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Adrien Brody (Actor), Diane Lane (Actor), Allen Coulter (Director) | Rated: R
- Run Time: 126 minutes
- DVD Release Date: January 27, 2009
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Top Customer Reviews
investigator Louis Simo(Adrien Brody) investigates the death of Goerge
reeves,who played Superman on TV.through flashbacks,we meet Reeves(Ben
Affleck) years before his Death and before he would play superman.We
are also introduced to others who played a role in Reeves life(and
later,possibly his death)the film is based on actual events,but that is
as far as it goes.the filmmakers offer several different possibilities
regarding Reeves's Death,but do not favour any one scenario.the ending
of the film is ambiguous,letting the viewer form their own
opinions.there are some high profile names in this film,including Bob
Hoskins and Diane Lane.the very talented Robin Tunney also plays a role
in the movie.this movie is not meant to be a conspiracy theory,but more
as entertainment,a sort of what if?.i enjoyed the movie,though it is a
bit slow at times.Hollywoodland is rated R for strong language,violence
and sexual content. 3.5/5
Adrien Brody is an impressive actor. He reminds me of a young Nicolas Cage. He says so much with his expressions and doesn't waste words. He plays a slezy P.I. to perfection but I suspect he could play anyone.
I don't mind the open-ended finale because Brody (privite dick) gave me options through his eyes. No one knows how Reeves died but I identified with Brody's devestated son when Superman was said to commit suicide. A child can deal with murder easier. Was that part of Brody's motivation? It wasn't money altho it started that way. He got involved in the case and understood how devestated his son was at the death and wanted to solve the case for his own satisfaction in the end. Nice motive.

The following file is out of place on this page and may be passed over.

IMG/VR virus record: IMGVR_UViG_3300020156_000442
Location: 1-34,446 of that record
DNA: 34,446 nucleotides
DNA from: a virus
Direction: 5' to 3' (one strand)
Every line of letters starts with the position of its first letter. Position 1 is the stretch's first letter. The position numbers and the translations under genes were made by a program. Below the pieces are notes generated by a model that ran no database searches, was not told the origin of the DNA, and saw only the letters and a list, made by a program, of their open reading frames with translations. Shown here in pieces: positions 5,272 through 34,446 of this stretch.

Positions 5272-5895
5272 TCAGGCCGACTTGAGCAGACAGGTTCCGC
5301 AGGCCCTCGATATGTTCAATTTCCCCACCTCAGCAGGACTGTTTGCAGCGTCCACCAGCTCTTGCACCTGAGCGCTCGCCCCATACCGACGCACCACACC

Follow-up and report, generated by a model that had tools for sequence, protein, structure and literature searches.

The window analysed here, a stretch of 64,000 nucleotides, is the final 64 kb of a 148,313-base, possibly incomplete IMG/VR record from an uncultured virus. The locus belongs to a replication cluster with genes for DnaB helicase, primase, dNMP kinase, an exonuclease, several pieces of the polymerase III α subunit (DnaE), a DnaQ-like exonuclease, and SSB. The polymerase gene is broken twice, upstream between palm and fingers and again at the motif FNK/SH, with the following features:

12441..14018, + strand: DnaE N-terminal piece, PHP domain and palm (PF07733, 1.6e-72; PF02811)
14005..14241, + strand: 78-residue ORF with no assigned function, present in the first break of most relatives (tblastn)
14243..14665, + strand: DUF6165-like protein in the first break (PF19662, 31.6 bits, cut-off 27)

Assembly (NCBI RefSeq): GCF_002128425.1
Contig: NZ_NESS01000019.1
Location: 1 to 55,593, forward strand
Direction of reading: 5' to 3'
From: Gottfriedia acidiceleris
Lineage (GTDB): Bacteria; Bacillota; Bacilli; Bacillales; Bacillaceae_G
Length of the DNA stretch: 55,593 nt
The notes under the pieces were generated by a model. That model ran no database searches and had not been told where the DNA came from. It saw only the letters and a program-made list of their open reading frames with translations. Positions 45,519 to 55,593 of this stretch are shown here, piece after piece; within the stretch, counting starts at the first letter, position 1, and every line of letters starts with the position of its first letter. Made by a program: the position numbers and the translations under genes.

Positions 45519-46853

Perhaps Reeves was a mediocre actor. He certainly was typecast and that ruined his career as it almost did Leonard Nemoy's. Was it drugs, depression, alcohol, failure in his career or murder by person or persons unknown? Clearly the head of the studio (the husband of Superman's lover) was capable and had the power. I can't see his mother killing him. His new lover?
Why were there catholic cards everywhere? I love a good mystery and good acting. Eventhough I'm not a fan of drama I'll buy this one because I just became a fan of Adriene Brody, he's fresh and unpolished but he has talent. I also love L.A. Confidential for the Hollywoodland of the '50's and I even watched the specials in this one (something I seldom do)for the Hollywooodland of the '50's. When did they take the "land" off the sign?Read more ›
Or is it, at the heart of this tale, a simple and understandable relationship that was appealing from many sides yet complicated by those who held privileges from the periphery?
To me HOLLYWOODLAND, the biopic of the death of George Reeves in 1959 from very suspicious circumstances and most likely not from his own hands, is all of the above with the weight of truth being a simple and understandable tale of an endearing, but complicated relationship between a younger man and an older woman.
Let's set aside the fact that Toni Maddix was already married. Let's also set aside the fact that her husband, studio chief, Eddie Maddix was a game player and a game changer and wouldn't think twice to assert his influence even if it meant someone liberties were compromised, to put it mildly.
It's been exactly 51 years since his passing and all of the people connected with Mr. Reeves' death had also passed away. With the exception of Noel Neill, who played Lois Lane and Jack Larson who played Jimmy Olson, no one can objectively tells us what the man was like. From the interviews I've read about Ms. Neill and Mr.Read more ›
Most recent customer reviews
Walks a fine line trying to tellof George Reeves' APPARENT suicide; a tip..........Buy the book "Hollywood Kryptonite" instead.Published on Nov. 29 2009 by Harold K. Errington
Hollywoodland recounts the mysterious demise of actor George Reeves, television's first Superman. In June of 1959, millions of children were devastated when the fading star was... Read morePublished on Dec 12 2008 by Greg Curtis